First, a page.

2022 Milliken Award Winners: Anne & Tom Woiwode
Rogers City: A Lake Huron community known for its salmon fishing tournaments, its century-old state park, and one of the largest ports on the Great Lakes.
Midland: A community where the Chippewa and Tittawabassee rivers meet, known for its arboretum and its beautiful parks and bridges.
These cities' stories cross in what they lack: coal-fired power plants.
In 2007, Midland and Rogers City were two of eight sites where coal plant construction was scheduled. Fifteen years later, not a single facility has come to be. In fact, almost every Michigan coal plant is set to retire in just a few years.
How did so much good happen in so short a time?
Anne Woiwode, then Sierra Club Michigan Chapter's director, is the woman largely to thank.
In each community, residents took an aggressive, public stance against the plants. In Lansing, large nonprofits went to then-Gov. Jennifer Granholm and her administration to enact change. Attorneys ensured all advocates were protected and made the best legal moves. This coordinated, multi-pronged effort played to each member's strengths, and it worked.
"We often fight individual fights across the country," said Anne. "This fight was saying, 'Look, we have to do everything we can to stop as many coal plants as possible, and that means we have to have a comprehensive program that runs everywhere."
This method of action—creating movements by bringing people together—is a refrain in Anne's 40 years of leadership at the Sierra Club, and a successful one at that. So, too, are the efforts of her husband, Tom Woiwode, who led The Nature Conservancy of Michigan and EarthShare of Michigan and later served with the Community Foundation for Southeast Michigan.
If you're not a devout follower of the environmental movement, the Woiwodes' stories are quiet, hidden. But their impact is as vast as Rogers City's state park, as lush as Midland's gardens.
For their nearly 85 years of collective movement building, Anne and Tom Woiwode will receive Michigan's premiere prize for environmentalism, The Helen & William Milliken Distinguished Service Award, at the 24th Annual Environmental Awards Celebration at Detroit's Eastern Market July 21.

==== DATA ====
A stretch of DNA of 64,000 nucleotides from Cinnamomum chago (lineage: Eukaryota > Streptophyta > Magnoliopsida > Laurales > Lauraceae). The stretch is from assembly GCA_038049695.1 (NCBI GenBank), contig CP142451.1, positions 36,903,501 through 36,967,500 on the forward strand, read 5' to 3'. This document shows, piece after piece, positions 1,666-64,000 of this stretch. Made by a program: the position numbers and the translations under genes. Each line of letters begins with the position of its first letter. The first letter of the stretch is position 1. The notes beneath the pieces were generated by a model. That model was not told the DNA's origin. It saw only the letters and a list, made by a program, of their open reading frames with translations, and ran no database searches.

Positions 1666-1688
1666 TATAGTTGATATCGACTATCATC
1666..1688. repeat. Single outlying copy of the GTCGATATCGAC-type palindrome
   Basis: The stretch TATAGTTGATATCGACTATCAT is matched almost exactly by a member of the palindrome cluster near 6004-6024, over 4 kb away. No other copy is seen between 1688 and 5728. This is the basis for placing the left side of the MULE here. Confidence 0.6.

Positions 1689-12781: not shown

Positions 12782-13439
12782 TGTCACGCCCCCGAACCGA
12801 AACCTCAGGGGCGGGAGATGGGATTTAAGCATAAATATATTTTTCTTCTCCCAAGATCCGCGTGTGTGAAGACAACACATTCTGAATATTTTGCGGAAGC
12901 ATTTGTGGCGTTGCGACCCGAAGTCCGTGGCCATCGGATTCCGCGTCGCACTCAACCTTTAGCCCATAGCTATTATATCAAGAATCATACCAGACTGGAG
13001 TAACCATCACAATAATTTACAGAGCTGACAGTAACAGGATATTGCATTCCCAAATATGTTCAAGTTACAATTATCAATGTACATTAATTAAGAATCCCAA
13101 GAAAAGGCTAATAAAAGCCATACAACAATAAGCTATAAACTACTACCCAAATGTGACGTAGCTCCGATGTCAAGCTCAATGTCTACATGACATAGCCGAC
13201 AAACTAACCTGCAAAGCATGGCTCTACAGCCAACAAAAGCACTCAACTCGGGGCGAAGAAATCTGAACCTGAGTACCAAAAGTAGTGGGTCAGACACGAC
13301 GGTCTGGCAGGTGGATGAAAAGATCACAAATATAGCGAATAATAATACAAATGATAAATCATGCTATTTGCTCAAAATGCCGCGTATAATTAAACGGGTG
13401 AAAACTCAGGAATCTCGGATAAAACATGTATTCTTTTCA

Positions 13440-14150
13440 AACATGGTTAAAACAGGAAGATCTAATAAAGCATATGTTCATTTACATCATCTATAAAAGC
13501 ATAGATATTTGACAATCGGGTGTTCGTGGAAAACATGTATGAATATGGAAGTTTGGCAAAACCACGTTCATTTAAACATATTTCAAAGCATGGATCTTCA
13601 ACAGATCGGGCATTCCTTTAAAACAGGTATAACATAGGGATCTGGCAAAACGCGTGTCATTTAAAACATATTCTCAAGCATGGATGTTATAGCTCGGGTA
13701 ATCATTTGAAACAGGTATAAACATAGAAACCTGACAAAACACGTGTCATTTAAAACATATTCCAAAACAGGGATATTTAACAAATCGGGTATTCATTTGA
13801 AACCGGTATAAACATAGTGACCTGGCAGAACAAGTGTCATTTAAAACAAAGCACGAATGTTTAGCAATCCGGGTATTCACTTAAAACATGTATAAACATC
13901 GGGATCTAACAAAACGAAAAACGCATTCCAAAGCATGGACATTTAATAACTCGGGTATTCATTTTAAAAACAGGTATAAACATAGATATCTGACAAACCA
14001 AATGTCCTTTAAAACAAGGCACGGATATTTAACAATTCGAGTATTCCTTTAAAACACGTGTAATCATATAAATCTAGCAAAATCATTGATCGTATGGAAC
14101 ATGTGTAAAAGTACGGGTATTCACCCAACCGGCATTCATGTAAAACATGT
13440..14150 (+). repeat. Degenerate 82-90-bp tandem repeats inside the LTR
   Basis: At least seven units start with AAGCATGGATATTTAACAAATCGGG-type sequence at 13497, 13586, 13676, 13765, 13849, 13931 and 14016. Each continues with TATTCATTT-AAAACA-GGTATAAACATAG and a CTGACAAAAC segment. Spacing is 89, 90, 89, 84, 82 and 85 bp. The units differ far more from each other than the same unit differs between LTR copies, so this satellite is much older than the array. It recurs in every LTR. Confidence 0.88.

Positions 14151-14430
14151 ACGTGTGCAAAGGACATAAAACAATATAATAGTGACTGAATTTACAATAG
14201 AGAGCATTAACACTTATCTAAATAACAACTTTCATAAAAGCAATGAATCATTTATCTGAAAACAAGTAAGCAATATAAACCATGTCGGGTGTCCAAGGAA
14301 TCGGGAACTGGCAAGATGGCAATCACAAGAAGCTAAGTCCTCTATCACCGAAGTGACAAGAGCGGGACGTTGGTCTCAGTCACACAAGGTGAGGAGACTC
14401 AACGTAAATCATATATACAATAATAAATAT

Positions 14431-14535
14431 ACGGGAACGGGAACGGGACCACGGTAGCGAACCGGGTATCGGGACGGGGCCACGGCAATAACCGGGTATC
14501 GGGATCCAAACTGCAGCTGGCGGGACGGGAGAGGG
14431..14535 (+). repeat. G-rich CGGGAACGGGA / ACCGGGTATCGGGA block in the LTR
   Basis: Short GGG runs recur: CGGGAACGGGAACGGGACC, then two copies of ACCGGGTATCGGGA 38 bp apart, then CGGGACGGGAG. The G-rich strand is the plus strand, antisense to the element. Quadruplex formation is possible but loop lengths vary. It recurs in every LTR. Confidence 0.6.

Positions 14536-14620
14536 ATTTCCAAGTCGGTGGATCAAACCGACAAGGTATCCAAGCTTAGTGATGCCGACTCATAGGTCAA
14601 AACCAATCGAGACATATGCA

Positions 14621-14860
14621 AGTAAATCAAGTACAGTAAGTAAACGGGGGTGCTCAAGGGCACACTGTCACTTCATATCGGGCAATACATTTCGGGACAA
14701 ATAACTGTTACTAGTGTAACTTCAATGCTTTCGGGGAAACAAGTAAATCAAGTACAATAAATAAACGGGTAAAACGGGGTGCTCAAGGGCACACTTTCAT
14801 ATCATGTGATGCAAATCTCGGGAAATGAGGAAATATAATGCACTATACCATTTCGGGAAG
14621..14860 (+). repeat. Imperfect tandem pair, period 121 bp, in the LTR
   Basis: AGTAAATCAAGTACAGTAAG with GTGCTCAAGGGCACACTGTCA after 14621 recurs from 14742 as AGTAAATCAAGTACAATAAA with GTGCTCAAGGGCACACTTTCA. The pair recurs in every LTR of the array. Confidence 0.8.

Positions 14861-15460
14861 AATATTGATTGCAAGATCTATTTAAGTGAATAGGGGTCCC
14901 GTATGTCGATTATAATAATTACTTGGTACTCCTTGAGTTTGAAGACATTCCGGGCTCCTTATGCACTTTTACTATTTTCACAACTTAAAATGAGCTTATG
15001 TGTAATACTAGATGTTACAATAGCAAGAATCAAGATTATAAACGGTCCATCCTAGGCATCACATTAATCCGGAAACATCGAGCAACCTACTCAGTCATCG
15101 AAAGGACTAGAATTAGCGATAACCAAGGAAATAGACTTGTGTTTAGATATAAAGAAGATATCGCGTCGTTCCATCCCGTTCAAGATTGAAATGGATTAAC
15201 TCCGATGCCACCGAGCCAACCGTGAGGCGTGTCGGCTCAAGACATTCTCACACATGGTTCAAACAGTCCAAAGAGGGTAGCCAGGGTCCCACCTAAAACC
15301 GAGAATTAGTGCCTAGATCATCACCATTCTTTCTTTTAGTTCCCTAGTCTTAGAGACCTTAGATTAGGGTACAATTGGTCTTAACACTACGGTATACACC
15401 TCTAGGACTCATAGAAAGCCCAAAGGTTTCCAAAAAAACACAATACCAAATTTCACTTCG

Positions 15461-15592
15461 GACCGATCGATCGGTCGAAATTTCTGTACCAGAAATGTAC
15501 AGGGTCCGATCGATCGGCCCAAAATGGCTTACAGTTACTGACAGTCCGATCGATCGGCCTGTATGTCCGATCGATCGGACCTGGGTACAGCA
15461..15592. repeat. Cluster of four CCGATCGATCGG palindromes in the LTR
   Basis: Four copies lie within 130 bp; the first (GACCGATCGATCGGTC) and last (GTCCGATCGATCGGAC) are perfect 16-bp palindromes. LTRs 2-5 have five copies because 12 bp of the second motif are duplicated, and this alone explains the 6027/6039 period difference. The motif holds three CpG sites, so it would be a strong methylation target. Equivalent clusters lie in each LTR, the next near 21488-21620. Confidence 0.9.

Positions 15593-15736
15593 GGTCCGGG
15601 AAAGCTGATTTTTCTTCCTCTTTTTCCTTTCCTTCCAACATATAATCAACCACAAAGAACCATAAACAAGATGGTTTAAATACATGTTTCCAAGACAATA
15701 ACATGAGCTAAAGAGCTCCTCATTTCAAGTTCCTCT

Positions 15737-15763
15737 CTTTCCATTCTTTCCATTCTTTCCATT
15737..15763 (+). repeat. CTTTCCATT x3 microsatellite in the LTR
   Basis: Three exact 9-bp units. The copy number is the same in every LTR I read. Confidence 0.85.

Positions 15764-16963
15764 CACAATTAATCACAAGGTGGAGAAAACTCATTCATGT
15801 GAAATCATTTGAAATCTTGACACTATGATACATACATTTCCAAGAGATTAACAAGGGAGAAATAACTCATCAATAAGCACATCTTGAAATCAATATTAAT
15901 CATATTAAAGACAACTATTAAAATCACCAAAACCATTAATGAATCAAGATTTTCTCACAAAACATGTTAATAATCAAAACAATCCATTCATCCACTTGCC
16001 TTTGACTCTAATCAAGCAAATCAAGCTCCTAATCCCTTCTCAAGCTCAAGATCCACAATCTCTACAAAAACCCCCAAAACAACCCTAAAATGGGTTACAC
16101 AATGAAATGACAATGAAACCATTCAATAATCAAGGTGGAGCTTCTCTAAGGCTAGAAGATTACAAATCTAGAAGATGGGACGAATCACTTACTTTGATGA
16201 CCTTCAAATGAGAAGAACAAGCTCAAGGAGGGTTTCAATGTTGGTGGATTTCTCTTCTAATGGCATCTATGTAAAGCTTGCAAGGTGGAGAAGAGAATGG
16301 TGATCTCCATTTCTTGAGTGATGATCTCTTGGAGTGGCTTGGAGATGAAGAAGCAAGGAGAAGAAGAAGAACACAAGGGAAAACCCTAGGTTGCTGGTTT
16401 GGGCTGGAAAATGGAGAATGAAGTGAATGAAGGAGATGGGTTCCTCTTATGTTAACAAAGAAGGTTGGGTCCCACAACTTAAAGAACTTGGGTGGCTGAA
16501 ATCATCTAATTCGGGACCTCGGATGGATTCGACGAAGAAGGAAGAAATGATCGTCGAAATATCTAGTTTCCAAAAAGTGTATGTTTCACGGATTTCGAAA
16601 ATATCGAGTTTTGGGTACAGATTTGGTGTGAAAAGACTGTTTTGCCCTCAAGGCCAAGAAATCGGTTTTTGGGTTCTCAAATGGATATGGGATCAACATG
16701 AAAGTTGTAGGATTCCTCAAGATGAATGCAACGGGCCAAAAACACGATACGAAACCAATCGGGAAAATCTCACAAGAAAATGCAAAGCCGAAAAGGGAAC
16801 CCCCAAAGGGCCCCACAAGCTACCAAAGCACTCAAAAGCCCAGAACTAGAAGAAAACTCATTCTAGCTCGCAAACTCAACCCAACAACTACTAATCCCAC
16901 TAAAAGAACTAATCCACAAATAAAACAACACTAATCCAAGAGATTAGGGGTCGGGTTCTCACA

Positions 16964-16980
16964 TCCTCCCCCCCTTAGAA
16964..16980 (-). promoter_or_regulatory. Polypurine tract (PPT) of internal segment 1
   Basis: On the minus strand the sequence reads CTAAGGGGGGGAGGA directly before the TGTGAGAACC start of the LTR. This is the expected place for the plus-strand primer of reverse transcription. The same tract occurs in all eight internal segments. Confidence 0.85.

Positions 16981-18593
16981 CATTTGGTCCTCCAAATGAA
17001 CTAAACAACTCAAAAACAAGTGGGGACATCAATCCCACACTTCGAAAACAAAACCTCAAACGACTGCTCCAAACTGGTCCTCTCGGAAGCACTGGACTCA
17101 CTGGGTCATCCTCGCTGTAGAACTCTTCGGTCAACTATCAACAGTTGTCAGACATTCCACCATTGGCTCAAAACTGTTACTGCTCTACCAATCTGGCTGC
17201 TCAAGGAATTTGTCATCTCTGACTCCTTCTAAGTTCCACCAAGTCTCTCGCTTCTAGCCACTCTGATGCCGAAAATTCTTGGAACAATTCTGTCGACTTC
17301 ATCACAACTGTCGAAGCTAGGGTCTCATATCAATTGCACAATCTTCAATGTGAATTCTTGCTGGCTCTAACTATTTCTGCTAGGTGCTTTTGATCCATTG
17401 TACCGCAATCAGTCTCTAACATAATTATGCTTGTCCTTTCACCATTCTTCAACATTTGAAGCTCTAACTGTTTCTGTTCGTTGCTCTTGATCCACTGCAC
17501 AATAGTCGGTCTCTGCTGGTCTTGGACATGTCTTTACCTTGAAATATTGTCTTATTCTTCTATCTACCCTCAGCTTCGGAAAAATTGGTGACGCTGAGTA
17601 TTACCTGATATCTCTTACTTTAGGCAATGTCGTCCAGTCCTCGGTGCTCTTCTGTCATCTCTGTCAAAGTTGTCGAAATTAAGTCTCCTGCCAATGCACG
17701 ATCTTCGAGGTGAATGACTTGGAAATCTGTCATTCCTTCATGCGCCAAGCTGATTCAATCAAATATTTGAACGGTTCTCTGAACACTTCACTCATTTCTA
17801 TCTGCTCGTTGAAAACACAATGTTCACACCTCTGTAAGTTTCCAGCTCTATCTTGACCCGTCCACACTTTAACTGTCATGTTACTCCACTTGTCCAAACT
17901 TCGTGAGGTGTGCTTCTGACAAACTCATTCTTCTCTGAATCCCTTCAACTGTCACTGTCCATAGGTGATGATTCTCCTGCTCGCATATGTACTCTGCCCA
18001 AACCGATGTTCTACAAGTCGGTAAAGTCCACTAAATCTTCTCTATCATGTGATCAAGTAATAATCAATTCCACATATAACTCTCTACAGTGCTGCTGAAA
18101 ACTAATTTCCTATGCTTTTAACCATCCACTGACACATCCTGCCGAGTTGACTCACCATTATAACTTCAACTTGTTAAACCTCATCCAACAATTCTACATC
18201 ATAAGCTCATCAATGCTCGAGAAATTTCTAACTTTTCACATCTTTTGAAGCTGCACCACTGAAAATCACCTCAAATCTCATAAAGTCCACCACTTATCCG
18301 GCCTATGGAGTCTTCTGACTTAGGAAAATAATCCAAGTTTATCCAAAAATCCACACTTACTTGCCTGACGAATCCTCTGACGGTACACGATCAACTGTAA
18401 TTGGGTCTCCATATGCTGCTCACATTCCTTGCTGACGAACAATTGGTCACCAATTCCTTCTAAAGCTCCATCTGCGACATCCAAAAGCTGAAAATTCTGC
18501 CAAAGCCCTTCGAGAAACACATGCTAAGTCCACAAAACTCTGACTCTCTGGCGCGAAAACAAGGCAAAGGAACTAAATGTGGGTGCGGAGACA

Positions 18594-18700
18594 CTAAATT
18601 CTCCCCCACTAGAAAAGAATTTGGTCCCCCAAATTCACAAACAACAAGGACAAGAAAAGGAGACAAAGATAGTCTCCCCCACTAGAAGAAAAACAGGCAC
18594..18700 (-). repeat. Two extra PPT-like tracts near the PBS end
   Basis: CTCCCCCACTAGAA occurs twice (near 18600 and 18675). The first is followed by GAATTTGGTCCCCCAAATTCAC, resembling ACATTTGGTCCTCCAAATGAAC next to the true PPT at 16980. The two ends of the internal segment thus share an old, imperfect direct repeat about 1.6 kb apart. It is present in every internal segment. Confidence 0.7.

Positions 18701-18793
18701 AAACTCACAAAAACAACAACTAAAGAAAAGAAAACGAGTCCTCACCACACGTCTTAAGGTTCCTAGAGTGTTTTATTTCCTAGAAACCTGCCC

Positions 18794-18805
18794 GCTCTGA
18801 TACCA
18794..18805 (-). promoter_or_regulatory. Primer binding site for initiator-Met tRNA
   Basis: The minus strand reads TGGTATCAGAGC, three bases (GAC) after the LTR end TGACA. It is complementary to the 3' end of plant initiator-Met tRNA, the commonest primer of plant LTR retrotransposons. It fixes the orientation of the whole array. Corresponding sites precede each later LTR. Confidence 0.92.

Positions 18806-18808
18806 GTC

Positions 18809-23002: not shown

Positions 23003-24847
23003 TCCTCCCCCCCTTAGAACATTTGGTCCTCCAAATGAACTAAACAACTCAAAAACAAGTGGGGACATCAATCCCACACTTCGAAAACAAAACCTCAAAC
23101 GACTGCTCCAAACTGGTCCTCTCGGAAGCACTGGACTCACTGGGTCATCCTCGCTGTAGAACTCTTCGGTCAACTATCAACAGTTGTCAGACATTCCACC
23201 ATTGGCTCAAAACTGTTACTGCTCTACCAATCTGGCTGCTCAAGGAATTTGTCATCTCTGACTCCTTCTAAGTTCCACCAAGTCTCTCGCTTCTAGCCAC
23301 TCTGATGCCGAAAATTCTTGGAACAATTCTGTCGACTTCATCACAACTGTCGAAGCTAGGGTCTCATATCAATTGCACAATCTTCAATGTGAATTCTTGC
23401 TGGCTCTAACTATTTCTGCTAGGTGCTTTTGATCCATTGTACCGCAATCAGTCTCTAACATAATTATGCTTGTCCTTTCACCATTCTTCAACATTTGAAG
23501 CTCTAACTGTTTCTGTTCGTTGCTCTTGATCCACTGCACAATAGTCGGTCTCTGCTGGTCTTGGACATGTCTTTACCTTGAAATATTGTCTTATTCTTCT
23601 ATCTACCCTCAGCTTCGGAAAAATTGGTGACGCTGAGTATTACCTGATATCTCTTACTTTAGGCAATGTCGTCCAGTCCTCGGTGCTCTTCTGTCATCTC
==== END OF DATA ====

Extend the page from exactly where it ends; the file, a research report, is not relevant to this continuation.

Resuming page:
Raising money and institutions
In 1980, Anne was in a state she had never been to before. She had a two-month-old son, a busy husband, and a slight feeling of isolation.
She and Tom had just moved from Washington, DC, to Michigan, where Tom was now the founding director of The Nature Conservancy of Michigan.
To fend off that seclusion, Anne and their son Nate began tagging along with Tom on his drives up and down the peninsulas to private, pristine properties his organization wanted to preserve. Doing so allowed Anne to see how beautiful Michigan was and how much it needed protecting.
Inspired, Anne began volunteering with the Sierra Club Michigan Chapter. In just a few short years she rose to local group chair to state chapter chair to the organization's first full-time employee.
Now, thanks in part to Anne, the Sierra Club is composed of tens of thousands of Michiganders served by over a dozen staff. But at the time, the environmental organization, like most others in the state, was a sprout of its future self. Sierra Club's small size made protecting land, water, and people at the statewide level tough.
"It was an interesting time because there really wasn't much of a presence on environmental issues in Lansing," said Anne. "There were no real lobbyists, unlike today, only small groups."
Compounding the matter was the "hand to mouth" nature of these environmental groups, said Tom. Most could only afford to meet their immediate needs and didn't have big, impactful programs that created good, long-lasting change.
"If groups are going to be effective, they need professional resources, they need capacity," said Tom. "And they simply didn't have it."
Enter Anne and Tom's first big foray into movement building.
To give environmental groups the Lansing presence they needed to protect all of Michigan, Tom joined with other environmental and foundation leaders to help foster the idea of a statewide council. With that jumpstart, the Sierra Club, and five other groups came together to create the Michigan Environmental Council.
At first, the Environmental Council served as a lobbyist of sorts to its six founders. What they wanted, the Environmental Council heeded. But Anne and the other organization leaders eventually moved to make the organization more independent so it could nimbly respond to laws, budgets, and departmental decisions both good and bad. Now, the Environmental Council works in tandem with other groups to affect change.